As in other areas of California, the hottest part of the Santa Clara market has been at the lower end — in this area, that’s under $600,000. For example, prices rose 15.6% to $540,000 in April in one zip code near downtown San Jose from $467,000 in January, according to Dataquick.

By contrast, prices in some higher-income neighborhoods in Santa Clara County are still falling — such as in parts of tonier towns like Cupertino and Los Gatos. Agents said that reflects borrowers’ problems getting jumbo mortgages to make those purchases. Home prices are still falling in parts of San Francisco and San Diego County for the same reason, they said.

—James R. Hagerty contributed to this article.

Write to Jim Carlton at jim.carlton@wsj.com

Printed in The Wall Street Journal, page A3

Economists’ Commentary: Home Sellers Seeking Professional Representation Rising

June 15, 2009 by

February 12, 2009

By Harika “Anna” Barlett, Senior Research Analyst


With housing inventory at its highest since the early 1980s, a greater number of home sellers understand the value of professional representation. This is understandable given that the housing market has been challenged in the past two years and inventory of homes for sale reached its highest point since the early 1980s.

The 2008 NAR Profile of Home Buyers and Sellers reveals that among recent home sellers surveyed in August 2008, the pure For-Sale-By-Owner (FSBO) sales – those cases where the seller did not know the buyer – remain historically low at 7 percent. It had been closer to 10 percent during the housing boom years.

Among the shrinking pool of FSBO sellers, the outcome results of such sales are highly questionable. FSBO sellers, who sold their home to someone they did not previously know, sold their homes within a median of six weeks. By contrast agent-assisted sales took a median of nine weeks. In addition, the median selling price as a percentage of the asking price was 97% for those FSBO sellers, compared to 96% among agent-assisted sales.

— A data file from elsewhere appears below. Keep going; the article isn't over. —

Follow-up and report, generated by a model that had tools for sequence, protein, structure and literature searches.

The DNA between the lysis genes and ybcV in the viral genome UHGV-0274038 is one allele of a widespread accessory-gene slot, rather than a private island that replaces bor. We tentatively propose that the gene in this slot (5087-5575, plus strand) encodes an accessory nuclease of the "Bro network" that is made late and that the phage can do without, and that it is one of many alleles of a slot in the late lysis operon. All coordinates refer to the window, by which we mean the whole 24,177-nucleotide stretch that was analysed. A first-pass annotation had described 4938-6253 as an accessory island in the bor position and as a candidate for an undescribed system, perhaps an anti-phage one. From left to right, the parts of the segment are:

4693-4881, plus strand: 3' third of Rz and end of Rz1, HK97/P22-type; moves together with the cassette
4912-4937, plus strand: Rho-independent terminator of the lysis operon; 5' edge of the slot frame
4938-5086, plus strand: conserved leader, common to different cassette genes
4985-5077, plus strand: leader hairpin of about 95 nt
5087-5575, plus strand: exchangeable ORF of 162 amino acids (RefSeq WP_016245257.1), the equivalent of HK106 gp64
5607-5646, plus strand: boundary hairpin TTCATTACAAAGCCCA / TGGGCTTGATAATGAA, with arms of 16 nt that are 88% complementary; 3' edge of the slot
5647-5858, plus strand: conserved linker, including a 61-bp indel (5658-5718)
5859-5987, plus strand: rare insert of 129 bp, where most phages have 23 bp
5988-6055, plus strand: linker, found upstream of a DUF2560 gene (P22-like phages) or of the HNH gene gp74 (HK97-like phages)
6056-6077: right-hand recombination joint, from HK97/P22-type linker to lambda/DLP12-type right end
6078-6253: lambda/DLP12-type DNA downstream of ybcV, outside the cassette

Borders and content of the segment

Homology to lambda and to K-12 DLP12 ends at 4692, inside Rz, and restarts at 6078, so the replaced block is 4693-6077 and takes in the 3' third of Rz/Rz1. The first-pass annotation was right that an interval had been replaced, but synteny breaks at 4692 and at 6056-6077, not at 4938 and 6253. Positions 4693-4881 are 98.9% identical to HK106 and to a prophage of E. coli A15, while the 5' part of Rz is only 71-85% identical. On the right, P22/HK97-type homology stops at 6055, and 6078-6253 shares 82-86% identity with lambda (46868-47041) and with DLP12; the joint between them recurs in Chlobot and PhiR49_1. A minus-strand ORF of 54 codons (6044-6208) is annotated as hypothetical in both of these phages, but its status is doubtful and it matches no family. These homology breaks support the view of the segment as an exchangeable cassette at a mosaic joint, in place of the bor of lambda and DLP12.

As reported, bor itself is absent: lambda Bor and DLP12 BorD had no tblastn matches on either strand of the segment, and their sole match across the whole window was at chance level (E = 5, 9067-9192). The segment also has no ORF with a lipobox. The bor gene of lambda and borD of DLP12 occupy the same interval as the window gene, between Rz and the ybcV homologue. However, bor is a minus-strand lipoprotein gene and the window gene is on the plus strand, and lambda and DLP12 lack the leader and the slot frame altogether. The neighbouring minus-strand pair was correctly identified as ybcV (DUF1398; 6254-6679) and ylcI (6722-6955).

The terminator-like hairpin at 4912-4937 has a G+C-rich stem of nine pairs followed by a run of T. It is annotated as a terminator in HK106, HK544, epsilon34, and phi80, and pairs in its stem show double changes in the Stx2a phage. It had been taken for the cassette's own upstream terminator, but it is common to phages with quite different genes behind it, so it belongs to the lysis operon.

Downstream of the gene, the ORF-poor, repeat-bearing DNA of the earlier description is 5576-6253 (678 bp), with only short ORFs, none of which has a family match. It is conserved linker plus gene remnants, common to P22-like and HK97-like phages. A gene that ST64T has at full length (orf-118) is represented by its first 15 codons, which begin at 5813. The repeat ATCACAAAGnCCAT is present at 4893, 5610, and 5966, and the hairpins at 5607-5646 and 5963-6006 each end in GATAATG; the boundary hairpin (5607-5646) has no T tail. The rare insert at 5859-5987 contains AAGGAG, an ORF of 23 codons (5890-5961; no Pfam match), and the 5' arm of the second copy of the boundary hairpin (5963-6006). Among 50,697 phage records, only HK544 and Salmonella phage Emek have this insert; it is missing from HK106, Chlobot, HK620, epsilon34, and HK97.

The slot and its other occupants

At first glance,  FSBO transactions appear to be doing quite well. However, the median selling price of an open market FSBO home was $150,100, while the median price for agent-assisted sales was $211,000.

FSBOs have typically been more popular among lower income households trying to sell lower priced homes. So one may argue that price difference results between FSBO and agent-assisted sales is due to characteristics of lower-valued and smaller-sized FSBO homes. Indeed, the average home size in FSBO sales is smaller. The median home size in open market FSBO sales is 1,515 square feet, compared to the median of 1,850 square feet in agent-assisted sales.

However, when we compare median prices per square foot of home, the data show that it was $92 in FSBO sales, and $116 in agent-assisted sales, with a difference of $24 per square foot of home sold. Considering the median size of 1,515 square feet in FSBO sales, this translates into a price difference of $36,360 on a size-adjusted base. So the claims that FSBO sales are getting completed faster and the owners get a price closer to their asking price are misleading. The FSBO homes, given the nature of the market, are being listed at deeply discounted prices. Because lower prices get buyers’ attention, any subsequent price concession afterwards tend to therefore be small. FSBO owners have in essence mispriced their homes too low.

The chart below shows the price comparisons between FSBOs and agent-assisted sales. The FSBO segment is broken out between those sellers who already knew the buyer to delineate arms-length transactions like those that with occur within a family or friends.

Regarding the length of time a home was on the market prior to sale, the time will obviously be much shorter for mispriced, discounted homes. That result is revealed in the chart below. The length of time a home was on the market prior to sale also changes by location, in addition to sale method. In open-market FSBO sales, the median time on the market was six weeks, compared to the median of nine weeks for agent-assisted sales. This difference gets bigger in the sale of those homes located in a small town – five versus ten weeks. However, it is smaller for those sales that take place in a suburban area (six versus eight weeks); and it is reversed in those sales that take place in an urban area.  In urban areas,  open market FSBO sales take a longer time, a median of ten weeks, compared to the median of eight weeks for agent-assisted sales.